Stress is a natural feeling of not being able to cope with specific demands and events. These demands can come from work, relationships, financial pressures, and other situations, but anything that poses a real or perceived challenge or threat to a person’s well-being can cause stress.
Stress can become a chronic condition if a person does not take steps to manage it. If left untreated, stress can have a significant impact on our lives, affecting our work, social life, relationships, and health
Many of our issues are caused because we are pushing ourselves faster than ever before, expecting to do more in shorter amounts of time. Technology addiction has significantly increased in the last twenty years especially for the younger generations. Our society is the most disassociated and isolated that has ever been and as a result we don’t have the social support network to help to cope with stressful situations. We are social animals and it’s natural for us to take care of ourselves and help to take care of others and that creates a ripple effect on our society.
We are all stressed, so what is the cost of ignoring our stress and our mental health? It can lead to several complications such as:
- chronic and complex diseases like type 2 diabetes
- heart disease
- several cancers
- mental health problems, costing people their lives way ahead of time.
- heart disease
- high blood pressure
- lower immunity against diseases
- muscular aches
- sleeping difficulties
- stomach upset
- erectile dysfunction (impotence) and loss of libido
Stress affects individuals in different ways. Some experiences that people generally consider to be positive can lead to stress, such as having a baby, going on vacation, moving to a better home, and getting a promotion at work. The reason for this is that they typically involve a significant change, extra effort, new responsibilities, and a need for adaptation. They also often require a person to take steps into the unknown.
There are three types of stressors:
• routine stress, such as childcare, homework, financial responsibilities, job issues, family or relationships problems, driving, fear of accidents, fear of crime, problems with neighbours, noise, pollution, overcrowding, uncertainty about the future, …
• sudden, disruptive changes, such as death of a loved one, job loss, retirement, illness, moving home, divorce, abortion or miscarriage, pregnancy, having a baby, …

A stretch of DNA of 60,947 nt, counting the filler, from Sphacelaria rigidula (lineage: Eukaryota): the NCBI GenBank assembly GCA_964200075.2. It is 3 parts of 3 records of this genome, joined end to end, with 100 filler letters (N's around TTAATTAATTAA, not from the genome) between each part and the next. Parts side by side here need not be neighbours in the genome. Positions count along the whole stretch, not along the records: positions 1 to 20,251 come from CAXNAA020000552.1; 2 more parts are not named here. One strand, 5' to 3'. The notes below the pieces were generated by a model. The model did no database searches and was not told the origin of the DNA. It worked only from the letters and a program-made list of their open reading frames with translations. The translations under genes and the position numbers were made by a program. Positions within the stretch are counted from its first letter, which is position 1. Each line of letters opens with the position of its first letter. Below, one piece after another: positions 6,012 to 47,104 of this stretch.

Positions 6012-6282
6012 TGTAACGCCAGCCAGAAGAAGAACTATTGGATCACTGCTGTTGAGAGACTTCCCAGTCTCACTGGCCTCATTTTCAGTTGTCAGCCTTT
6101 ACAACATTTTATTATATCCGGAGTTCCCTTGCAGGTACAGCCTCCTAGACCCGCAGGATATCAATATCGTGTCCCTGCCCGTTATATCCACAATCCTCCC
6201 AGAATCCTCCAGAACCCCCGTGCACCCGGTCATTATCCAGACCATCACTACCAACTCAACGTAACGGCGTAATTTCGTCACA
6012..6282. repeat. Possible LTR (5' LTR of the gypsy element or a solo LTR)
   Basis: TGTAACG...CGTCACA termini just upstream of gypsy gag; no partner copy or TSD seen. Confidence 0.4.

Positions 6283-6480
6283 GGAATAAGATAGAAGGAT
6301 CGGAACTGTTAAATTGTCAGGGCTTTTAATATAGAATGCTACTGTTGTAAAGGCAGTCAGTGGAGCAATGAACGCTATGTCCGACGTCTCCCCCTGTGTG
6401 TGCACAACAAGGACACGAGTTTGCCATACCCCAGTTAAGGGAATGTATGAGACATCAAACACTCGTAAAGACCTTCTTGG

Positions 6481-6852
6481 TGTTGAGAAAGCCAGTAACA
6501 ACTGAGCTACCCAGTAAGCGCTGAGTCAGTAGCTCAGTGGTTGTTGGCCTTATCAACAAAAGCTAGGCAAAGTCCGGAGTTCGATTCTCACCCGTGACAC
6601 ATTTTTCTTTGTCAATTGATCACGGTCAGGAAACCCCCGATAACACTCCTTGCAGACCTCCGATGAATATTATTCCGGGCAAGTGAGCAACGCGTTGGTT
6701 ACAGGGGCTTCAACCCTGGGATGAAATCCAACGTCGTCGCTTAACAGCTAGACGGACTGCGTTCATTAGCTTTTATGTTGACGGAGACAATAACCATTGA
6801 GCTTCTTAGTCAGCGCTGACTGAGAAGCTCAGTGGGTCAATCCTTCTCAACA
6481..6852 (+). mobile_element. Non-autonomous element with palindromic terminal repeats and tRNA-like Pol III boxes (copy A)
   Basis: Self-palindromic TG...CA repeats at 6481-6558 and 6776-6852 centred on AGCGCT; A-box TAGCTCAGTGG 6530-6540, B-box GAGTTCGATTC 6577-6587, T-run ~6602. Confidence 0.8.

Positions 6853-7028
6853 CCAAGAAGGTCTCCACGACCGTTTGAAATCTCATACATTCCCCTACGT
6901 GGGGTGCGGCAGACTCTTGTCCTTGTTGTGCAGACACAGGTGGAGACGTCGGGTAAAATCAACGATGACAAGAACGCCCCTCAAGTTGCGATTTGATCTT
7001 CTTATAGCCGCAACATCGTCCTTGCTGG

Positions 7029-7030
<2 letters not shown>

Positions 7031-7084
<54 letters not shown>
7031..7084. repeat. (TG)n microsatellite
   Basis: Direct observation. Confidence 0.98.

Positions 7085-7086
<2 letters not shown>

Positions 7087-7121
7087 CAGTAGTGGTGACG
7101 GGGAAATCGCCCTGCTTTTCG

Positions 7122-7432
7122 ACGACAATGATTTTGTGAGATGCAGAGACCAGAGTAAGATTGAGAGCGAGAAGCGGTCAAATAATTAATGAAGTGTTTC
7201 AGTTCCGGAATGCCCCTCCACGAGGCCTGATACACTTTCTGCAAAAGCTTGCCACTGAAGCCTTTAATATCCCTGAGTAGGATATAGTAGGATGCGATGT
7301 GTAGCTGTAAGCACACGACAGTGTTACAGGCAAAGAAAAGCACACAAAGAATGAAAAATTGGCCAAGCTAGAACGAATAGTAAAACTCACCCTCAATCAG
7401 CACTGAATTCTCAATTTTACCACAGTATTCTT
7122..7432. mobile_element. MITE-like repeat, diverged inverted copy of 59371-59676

• traumatic stress, due to extreme trauma such as a severe accident, an assault, an environmental disaster, war, abuse … Doctors will diagnose this as PTSD.
What can you do to help manage or prevent stress or feelings of being overwhelmed?
- Reducing the intake of alcohol, drugs, and caffeine: These substances will not help prevent stress, and they can make it worse.
- Nutrition: A healthful, balanced diet eliminating refined sugars.
- Priority management: It may help to spend a little time organizing a daily to-do list and focusing on time sensitive tasks. You can then focus on what you have accomplished for the day, rather than on the tasks you have yet to complete.
- Time management: you should set aside some time to organize your schedule, relax, and pursue your own interests and hobbies.
- Breathing and relaxation: Meditation, massage, and yoga can help. Breathing and relaxation techniques can slow down the heart rate and promote relaxation.
- Talking: Sharing feelings and concerns with family, friends, and work colleagues may help you “let off steam” and reduce feelings of isolation.
- Self-awareness: A person can be so anxious about the problem causing the stress that they do not notice the effects on their body, mind or emotions. It’s important to know if you are coping with the problem or you should seek professional help.
- Hobbies: Most people have an activity that helps them relax, such as reading a book, going for a walk, listening to music, or spending time with a friend, loved one, or pet. Joining a gym also helps some people relax.
- Developing social networks of support, for example, by talking to neighbours and others in the local community or joining a social club, charity, or religious organization.
- Above all, slow down; stop rushing from A to B and start enjoying the life that is happening for you, not to you.
People who find that stress is affecting their daily life should seek professional help. A persistently negative response to challenges can have an adverse effect on health and happiness.
A doctor or psychiatric specialist can often help. Doctors will not usually prescribe medications for coping with stress, unless they are treating an underlying illness, such as depression or an anxiety disorder. In such cases, they may prescribe an antidepressant. However, there is a risk that the medication will only mask the stress, rather than help the person deal with it. Antidepressants can also have adverse effects, and they may worsen some complications of stress.
I help people to manage, cope or prevent stress through stress management training by:
• removing or changing the source of stress
• altering how a person views a stressful event
• lowering the effects that stress might have on the body
• learning alternative ways of coping
This is a testimonial of one my clients after having just one session:
It’s been a week since my session with you and I just wanted to drop you a line and say ‘thank you’ and let you know how I’m getting on.
I’ve been feeling much more calm and positive since the session. I can’t say I’m fully “free” of some of the things we discussed but my thoughts are definitely less intrusive and much more in perspective